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Irregular curator of short stories at DownWriteFierce
After watching about 30 minutes of Unity tutorials, I thought I had learned enough to jump in and create a simple, playable space. A wall here. A platform there. A first-person character to explore it all with.
It was pretty easy, all things considered, so I started experimenting. Before long, my boring space of grey boxes, with two or three blocks I could jump on, grew larger. A few hours later, I’d designed a level, filled it with particles, lit it, created a skybox, pulled a couple visual tricks, and started understanding why, exactly, designers structure certain things the way they do.
It ain’t pretty, but it’s something I made, and I’m pretty damn proud of that.
The first thing you see when starting the build. I created some dust effects, walled off the opening area to disguise the world’s ugly exposed bits, and shone a bright moonlight in the area. Everything came pre-modeled, which is extraordinarily helpful.
Left at the trees. The fire at the end can’t actually hurt you — no idea how to enable that variable, but hey. It creates a cool look on that tree, too, when you add the appropriate lights.
I started with a couple small cubes, but realized I could wrap them around a structure to create a staircase. Here’s the opposite side of the last image. There’s all sorts of smoke effects applied here, as well as a re-colored fireworks particle that looks like an explosion.
Like I said, it’s not pretty, but I like the look of the singed grass with the orange light.
Climb the stairs, jump a small gap, and you end up here. I put a big room on the right, and even though there’s nothing in it, I’m glad there’s a little extra space in a pretty linear space.
Around the corner is a drop into water, which leads to another drop down a waterfall.
At the bass of the waterfall, I added some fountains and textured them like snow, which gives them a misty splash. There’s a ton of rippling going on here, too.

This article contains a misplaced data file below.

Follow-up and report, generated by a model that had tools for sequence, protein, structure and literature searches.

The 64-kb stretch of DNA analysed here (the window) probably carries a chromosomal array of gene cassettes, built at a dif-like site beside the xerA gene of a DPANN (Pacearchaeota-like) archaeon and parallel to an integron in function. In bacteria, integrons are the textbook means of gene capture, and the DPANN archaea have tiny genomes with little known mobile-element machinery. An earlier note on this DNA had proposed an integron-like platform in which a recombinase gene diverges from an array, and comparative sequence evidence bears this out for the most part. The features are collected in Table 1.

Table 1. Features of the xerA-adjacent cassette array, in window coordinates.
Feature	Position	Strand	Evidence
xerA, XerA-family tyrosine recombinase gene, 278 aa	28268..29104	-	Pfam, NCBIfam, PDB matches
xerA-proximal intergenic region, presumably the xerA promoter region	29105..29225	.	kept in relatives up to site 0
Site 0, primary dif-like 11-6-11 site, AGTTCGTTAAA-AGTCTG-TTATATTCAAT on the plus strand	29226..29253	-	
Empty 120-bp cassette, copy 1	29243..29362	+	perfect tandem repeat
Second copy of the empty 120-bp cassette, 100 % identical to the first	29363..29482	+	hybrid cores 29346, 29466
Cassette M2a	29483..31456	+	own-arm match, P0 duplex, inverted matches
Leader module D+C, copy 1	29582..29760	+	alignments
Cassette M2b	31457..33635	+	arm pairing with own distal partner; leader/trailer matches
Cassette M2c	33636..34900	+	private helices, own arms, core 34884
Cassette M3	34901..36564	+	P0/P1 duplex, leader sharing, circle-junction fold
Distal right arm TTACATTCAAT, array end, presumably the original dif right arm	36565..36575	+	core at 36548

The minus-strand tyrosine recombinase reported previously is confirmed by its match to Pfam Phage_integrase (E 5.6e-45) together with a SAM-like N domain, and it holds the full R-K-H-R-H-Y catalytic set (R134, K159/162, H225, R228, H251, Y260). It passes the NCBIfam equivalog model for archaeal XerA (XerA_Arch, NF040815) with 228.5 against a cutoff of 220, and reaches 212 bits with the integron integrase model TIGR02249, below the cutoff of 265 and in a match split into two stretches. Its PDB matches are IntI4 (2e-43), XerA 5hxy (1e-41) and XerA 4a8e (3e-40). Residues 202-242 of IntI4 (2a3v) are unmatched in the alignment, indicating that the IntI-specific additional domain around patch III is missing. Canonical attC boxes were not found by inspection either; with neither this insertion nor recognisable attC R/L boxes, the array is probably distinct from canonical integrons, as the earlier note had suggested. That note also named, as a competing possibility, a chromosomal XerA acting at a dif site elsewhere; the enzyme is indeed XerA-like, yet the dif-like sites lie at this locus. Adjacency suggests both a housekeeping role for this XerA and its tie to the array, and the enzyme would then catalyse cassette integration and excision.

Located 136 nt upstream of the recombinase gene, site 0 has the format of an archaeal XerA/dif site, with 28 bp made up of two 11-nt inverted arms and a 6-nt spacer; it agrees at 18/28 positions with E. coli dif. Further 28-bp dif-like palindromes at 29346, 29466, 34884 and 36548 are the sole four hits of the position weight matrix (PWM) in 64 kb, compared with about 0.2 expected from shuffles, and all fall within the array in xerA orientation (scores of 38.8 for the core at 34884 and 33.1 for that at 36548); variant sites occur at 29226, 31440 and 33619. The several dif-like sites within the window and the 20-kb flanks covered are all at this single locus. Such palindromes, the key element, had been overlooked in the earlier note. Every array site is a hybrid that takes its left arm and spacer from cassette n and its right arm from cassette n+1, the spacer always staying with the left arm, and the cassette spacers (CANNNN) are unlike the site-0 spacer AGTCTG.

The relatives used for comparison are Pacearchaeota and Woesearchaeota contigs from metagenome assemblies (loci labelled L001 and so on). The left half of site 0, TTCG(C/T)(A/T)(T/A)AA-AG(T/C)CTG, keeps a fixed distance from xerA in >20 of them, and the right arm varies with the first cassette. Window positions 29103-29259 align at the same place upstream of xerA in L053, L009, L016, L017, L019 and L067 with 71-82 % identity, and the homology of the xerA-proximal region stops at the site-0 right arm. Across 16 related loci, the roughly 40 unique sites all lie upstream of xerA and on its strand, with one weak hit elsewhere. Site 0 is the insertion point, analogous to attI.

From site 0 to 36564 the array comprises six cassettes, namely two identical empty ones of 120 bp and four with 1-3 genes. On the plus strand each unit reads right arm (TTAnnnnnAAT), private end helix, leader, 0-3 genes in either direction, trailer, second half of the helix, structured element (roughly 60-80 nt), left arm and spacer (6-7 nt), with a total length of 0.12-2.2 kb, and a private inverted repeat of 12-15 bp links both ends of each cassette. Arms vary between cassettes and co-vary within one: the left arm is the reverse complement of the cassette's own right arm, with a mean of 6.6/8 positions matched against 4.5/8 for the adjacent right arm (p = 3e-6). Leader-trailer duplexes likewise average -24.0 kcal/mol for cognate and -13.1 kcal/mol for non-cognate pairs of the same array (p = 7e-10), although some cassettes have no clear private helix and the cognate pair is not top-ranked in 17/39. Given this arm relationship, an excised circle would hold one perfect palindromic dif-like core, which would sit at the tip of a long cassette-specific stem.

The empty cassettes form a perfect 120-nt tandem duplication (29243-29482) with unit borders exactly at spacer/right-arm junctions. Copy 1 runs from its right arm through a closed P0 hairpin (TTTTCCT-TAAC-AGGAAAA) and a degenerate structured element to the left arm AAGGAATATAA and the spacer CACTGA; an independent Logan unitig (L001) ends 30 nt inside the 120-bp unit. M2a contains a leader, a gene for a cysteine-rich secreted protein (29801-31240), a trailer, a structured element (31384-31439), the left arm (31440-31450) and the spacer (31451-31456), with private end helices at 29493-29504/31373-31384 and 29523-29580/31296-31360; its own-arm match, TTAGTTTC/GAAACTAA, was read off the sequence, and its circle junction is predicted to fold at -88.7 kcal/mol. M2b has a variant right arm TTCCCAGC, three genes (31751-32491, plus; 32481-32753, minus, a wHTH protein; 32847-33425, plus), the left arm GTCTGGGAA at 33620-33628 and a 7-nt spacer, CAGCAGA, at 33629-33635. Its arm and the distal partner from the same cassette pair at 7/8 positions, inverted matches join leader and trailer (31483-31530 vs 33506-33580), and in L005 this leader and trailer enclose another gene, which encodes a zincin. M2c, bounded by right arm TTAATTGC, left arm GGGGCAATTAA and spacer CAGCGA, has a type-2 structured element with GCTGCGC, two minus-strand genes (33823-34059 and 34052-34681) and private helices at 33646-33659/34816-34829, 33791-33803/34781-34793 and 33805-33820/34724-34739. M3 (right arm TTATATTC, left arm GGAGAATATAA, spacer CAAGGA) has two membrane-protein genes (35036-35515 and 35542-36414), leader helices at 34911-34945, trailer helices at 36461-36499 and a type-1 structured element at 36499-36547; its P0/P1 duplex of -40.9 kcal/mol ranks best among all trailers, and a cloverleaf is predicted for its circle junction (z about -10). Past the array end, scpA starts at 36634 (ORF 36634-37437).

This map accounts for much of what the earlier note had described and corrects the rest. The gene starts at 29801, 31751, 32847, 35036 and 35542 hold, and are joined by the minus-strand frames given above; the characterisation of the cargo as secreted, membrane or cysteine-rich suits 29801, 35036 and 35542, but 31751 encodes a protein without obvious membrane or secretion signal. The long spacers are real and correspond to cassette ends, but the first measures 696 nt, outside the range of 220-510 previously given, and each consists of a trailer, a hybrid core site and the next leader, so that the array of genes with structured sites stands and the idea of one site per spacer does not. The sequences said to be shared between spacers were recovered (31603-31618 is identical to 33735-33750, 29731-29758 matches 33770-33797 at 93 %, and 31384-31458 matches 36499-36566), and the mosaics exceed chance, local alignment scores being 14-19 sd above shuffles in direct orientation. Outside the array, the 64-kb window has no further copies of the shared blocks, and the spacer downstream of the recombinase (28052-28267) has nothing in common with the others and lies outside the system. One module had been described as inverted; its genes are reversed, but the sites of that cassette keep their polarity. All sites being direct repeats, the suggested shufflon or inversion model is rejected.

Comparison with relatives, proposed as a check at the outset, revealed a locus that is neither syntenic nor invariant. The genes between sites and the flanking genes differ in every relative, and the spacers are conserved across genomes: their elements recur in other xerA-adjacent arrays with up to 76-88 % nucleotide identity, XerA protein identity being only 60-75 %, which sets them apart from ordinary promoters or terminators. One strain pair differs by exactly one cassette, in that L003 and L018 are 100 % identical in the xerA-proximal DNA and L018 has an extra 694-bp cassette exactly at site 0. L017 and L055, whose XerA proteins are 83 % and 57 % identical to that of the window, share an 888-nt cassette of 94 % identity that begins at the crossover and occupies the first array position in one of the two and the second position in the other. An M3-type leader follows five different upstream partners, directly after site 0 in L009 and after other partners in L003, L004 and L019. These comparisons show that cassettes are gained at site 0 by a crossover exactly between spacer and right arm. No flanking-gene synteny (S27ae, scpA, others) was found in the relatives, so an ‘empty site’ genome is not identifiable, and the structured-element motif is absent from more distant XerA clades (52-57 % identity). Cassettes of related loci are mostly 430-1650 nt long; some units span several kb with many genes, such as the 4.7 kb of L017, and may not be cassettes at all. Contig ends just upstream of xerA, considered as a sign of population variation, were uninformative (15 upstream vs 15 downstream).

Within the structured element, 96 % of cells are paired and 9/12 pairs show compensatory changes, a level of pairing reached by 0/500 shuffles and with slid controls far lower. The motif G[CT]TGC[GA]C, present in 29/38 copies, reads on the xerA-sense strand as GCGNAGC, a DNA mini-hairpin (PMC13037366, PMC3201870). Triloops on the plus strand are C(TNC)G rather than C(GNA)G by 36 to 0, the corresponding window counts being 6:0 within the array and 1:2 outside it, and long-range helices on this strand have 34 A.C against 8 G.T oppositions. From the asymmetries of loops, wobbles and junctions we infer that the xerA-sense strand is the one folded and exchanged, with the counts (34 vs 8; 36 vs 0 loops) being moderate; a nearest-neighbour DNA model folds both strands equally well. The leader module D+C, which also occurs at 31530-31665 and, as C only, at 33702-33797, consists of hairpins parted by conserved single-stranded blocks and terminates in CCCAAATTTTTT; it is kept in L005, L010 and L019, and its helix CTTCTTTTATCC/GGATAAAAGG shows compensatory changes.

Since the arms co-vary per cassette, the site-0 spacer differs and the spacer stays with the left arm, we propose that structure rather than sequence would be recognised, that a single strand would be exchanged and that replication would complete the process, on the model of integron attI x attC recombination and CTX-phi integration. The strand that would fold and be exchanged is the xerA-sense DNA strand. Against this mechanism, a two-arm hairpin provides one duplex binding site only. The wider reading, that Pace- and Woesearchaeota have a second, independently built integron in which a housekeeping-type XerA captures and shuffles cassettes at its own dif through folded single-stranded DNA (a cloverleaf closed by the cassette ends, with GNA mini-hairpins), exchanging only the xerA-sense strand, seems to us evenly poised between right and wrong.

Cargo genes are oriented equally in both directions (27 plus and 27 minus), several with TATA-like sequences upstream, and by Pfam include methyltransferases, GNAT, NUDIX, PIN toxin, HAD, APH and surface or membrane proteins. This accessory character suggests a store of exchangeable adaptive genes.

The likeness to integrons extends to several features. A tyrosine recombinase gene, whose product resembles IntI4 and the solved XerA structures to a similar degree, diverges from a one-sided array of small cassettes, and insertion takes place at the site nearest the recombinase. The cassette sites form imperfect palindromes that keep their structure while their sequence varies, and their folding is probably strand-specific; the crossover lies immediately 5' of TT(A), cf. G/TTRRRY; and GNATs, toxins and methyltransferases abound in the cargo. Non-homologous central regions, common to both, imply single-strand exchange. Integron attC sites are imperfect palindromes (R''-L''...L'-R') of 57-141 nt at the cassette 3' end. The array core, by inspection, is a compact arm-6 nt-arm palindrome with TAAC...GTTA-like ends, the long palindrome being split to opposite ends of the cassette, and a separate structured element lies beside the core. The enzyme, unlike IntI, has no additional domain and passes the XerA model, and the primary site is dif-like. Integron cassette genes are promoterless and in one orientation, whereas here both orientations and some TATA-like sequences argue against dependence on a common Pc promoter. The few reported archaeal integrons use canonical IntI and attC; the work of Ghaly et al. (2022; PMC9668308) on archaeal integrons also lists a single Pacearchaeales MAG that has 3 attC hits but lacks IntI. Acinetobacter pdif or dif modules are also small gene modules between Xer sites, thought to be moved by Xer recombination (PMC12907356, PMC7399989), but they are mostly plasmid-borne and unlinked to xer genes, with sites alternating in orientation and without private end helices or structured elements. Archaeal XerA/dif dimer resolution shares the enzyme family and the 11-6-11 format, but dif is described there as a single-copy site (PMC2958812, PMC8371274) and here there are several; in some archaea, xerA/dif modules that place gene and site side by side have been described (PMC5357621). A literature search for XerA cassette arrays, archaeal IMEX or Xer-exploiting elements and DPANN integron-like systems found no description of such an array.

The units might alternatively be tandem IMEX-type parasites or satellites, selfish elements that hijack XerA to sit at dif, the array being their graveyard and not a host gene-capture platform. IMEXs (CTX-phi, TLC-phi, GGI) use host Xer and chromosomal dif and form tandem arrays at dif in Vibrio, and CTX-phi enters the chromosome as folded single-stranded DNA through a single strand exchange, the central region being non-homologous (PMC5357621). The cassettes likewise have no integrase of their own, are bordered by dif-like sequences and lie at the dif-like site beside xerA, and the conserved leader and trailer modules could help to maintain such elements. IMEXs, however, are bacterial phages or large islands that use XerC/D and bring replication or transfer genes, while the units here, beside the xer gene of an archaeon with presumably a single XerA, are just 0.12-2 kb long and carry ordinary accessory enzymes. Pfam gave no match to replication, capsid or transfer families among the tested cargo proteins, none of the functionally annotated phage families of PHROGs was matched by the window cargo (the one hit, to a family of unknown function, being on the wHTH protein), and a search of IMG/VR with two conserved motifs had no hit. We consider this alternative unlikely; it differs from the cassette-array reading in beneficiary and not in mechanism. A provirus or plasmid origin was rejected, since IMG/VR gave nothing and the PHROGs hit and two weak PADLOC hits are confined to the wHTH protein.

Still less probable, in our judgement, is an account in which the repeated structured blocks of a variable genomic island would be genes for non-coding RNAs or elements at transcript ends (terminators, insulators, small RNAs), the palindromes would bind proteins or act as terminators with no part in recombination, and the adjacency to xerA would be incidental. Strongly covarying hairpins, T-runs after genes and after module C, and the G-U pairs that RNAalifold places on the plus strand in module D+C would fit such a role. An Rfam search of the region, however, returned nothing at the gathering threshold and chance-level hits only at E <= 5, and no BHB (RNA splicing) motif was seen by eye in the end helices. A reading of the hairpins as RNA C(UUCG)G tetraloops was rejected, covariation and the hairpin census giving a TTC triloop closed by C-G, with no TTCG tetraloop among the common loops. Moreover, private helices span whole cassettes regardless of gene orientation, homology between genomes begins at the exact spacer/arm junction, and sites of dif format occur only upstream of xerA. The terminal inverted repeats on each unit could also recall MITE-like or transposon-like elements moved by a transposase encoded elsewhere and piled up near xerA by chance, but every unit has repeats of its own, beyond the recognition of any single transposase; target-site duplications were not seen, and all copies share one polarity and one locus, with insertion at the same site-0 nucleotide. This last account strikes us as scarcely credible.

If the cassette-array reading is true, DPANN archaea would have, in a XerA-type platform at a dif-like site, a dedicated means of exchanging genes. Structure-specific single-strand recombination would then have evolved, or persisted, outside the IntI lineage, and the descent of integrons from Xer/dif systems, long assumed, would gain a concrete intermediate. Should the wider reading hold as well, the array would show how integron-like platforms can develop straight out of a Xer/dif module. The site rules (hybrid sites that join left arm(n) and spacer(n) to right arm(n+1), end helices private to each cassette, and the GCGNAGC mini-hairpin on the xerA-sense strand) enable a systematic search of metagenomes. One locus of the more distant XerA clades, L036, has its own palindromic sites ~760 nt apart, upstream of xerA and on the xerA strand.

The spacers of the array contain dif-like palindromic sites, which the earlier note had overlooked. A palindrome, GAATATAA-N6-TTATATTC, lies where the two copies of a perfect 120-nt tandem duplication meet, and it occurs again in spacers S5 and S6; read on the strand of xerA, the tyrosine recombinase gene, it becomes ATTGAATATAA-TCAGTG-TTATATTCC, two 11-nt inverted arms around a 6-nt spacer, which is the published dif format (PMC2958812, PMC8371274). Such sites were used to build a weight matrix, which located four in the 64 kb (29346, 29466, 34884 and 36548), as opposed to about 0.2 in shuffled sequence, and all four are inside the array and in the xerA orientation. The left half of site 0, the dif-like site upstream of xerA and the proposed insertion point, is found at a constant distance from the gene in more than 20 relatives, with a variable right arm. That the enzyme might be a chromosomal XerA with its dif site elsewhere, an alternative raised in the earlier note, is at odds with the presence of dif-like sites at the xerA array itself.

I made a pretty empty space, so I lit a tree from beneath with an area light, above with a spotlight, and added some shimmery sparkles. In the middle of a pond and under the moon, it has a fun mystical look. I guess finding this is the goal.
My first level doesn’t have an objective of any kind, no combat, and few risks (you can fall of the edge of the world, or get stuck in a box if you fall at the beginning. But I have to say, it feels pretty incredible to have made something that I could send to my friends to tinker with.
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A lot of former members of the press have gone onto working as part of a major publisher, in some fashion. Have you considered what you might do "after" your time with IGN is done? Would you stay on the media side or would a move to a publisher/developer be worthwhile?
I’ve sort of considered it. My family jokes that I’m on loan to the States. Maybe I’ll find a job that’s better for me somewhere down the line back home, in the UK, or here in the Bay. Maybe that’s higher up at IGN. Maybe it’s as a producer, designer, or writer at a developer. I’d love to be involved in making at least one game at some point. I am thrilled to be at IGN, and we have nothing but amazing ideas for the future. I couldn’t be more excited to be where I am now. But in the very real possible future that it isn’t forever, yeah, I want to be in games. I am currently learning to code, and that’s not just for fun. Partially. But I want to learn more. I want to have skills, whether it’s for pet project games I want to make or for expanded responsibility in or out of my current position. I basically always want to be doing better. I want to be doing better at IGN, in my life, in my free time, with my friends, with everything. Wherever being better takes me, I’ll be there.
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